A few days ago we discussed the emergence of a new market for recreational marijuana and how this can be viewed within Product Life Cycle (PLC) theory. Well, today we have another example of a product form that is poised for growth – 3D printers. Unlike the recreational marijuana market, which most people fully understand, 3D printing technology is less understood and, consequently, few non-technical people currently see a reason to investigate this for a potential purchase.
However, this lack of interest should not be viewed as a reason why 3D printers will not be successful. This same mentality proceeded many other significant technology products such as personal computers, cellphones, flat panel television and tablets. People knew so little about these technologies they initially saw no need to purchase. But once they learned the benefits these products provided, their interest rose significantly to the point where they became buyers.
As discussed in this 24/7 Wall St. story, the parallel between 3D printers and other technological innovations suggests all the elements are in place for 3D printers to jump from the Introduction stage of the PLC to the Growth stage. We can see this in two ways. First, there is an increase in the number of competitors offering products. Second, there has been a notable reduction in price compared to the high price skimming approach used in the early Introduction stage.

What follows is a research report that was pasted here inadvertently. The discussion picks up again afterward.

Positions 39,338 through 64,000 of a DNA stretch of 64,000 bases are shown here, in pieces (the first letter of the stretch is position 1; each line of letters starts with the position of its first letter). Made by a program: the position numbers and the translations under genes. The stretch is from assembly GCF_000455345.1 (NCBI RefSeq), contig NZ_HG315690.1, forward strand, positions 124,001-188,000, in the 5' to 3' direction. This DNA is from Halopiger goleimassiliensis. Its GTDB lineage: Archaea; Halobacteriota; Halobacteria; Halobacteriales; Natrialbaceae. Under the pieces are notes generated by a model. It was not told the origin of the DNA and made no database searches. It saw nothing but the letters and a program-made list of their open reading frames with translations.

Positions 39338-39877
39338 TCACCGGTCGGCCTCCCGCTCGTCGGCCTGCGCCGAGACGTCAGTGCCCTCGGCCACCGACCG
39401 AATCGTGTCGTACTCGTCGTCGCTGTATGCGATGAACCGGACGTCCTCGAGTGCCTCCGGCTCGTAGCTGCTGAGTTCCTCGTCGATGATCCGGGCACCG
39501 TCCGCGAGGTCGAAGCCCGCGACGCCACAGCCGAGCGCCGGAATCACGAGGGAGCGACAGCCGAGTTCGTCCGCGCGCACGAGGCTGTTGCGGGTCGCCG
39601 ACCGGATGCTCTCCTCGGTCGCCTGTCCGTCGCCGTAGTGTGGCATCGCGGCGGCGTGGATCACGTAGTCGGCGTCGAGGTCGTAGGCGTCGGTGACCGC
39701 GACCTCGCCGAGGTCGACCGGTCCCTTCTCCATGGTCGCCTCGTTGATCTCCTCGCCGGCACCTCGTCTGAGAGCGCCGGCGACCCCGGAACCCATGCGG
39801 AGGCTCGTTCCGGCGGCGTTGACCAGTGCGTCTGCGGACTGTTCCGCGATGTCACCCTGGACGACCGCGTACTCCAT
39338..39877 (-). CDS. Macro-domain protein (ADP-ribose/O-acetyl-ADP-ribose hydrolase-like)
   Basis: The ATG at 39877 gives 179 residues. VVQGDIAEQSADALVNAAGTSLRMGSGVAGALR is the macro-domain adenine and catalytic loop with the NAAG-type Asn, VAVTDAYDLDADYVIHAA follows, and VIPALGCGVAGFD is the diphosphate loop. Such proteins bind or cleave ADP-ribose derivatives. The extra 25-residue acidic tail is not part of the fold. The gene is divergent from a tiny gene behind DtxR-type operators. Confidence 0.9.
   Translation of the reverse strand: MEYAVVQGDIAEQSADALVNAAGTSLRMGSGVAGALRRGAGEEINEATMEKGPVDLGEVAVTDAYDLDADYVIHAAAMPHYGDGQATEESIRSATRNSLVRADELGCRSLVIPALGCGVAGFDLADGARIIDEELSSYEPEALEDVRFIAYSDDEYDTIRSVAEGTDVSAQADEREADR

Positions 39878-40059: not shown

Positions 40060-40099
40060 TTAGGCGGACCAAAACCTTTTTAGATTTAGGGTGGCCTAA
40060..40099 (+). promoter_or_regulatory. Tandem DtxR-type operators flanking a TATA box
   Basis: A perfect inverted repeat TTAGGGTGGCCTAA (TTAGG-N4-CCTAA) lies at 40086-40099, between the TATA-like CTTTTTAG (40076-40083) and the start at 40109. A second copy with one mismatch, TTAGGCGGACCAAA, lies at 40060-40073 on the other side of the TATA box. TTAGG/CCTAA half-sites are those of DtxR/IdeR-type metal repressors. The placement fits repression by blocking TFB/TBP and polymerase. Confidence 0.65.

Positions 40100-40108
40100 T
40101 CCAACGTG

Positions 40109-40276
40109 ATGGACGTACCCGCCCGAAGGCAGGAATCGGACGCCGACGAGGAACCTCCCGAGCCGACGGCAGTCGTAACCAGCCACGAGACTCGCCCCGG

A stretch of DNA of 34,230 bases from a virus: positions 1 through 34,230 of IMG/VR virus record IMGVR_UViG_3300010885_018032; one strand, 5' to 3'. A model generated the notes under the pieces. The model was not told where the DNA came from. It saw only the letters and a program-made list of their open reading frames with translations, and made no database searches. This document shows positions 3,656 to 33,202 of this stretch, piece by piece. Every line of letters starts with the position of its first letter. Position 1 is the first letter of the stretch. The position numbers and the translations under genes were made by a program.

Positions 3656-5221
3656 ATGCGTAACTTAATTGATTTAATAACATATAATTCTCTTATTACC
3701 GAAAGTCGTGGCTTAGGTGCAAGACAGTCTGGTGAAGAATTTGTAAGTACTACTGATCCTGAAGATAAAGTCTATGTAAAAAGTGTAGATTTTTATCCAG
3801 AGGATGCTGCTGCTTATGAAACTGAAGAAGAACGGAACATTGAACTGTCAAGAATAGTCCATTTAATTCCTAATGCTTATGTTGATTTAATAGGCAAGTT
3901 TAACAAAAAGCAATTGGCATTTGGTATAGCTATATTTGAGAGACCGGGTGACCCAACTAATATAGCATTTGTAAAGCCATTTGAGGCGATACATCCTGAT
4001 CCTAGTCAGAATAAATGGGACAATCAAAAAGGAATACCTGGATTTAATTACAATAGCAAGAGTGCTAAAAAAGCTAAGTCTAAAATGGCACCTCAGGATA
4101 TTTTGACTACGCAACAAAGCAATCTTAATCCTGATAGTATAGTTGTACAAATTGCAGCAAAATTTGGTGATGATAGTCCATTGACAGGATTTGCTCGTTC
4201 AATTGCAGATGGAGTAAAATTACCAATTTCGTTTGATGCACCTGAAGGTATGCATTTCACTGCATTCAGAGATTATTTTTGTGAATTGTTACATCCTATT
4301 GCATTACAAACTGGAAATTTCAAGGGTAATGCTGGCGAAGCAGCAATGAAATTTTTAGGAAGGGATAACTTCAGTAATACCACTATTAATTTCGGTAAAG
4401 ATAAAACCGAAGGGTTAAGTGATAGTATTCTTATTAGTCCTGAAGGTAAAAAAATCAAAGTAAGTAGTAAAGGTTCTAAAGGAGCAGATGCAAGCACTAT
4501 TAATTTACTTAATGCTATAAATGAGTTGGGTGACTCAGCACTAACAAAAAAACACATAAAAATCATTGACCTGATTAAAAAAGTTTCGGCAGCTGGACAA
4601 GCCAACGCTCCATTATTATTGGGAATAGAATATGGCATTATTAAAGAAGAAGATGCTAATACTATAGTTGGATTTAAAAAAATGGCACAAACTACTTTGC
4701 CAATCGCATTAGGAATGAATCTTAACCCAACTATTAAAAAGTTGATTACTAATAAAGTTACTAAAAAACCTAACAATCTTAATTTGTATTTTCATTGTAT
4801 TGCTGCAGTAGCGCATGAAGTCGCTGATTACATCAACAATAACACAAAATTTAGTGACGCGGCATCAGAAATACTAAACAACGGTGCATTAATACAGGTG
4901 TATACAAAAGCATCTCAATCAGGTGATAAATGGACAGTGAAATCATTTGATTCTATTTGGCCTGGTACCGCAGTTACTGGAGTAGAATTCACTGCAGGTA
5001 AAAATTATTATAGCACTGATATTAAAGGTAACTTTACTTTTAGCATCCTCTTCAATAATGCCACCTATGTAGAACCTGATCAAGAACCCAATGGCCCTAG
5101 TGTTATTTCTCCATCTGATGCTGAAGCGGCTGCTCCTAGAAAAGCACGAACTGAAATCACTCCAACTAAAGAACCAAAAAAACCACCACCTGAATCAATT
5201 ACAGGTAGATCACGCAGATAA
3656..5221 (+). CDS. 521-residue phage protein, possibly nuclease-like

While price may still seem quite lofty for the average consumer (e.g., $999 for low-end model), if this product can successfully cross the technology chasm, expect to see rapid price drops over the next year or so. Also, expect to see advertising that appeals to a much wider audience than just commercial product designers and the medical community. For instance, we are likely to see promotions directed to artists and craft people as well as educators. And soon we may even see an ad that targets 3D printers as a fun activity for kids.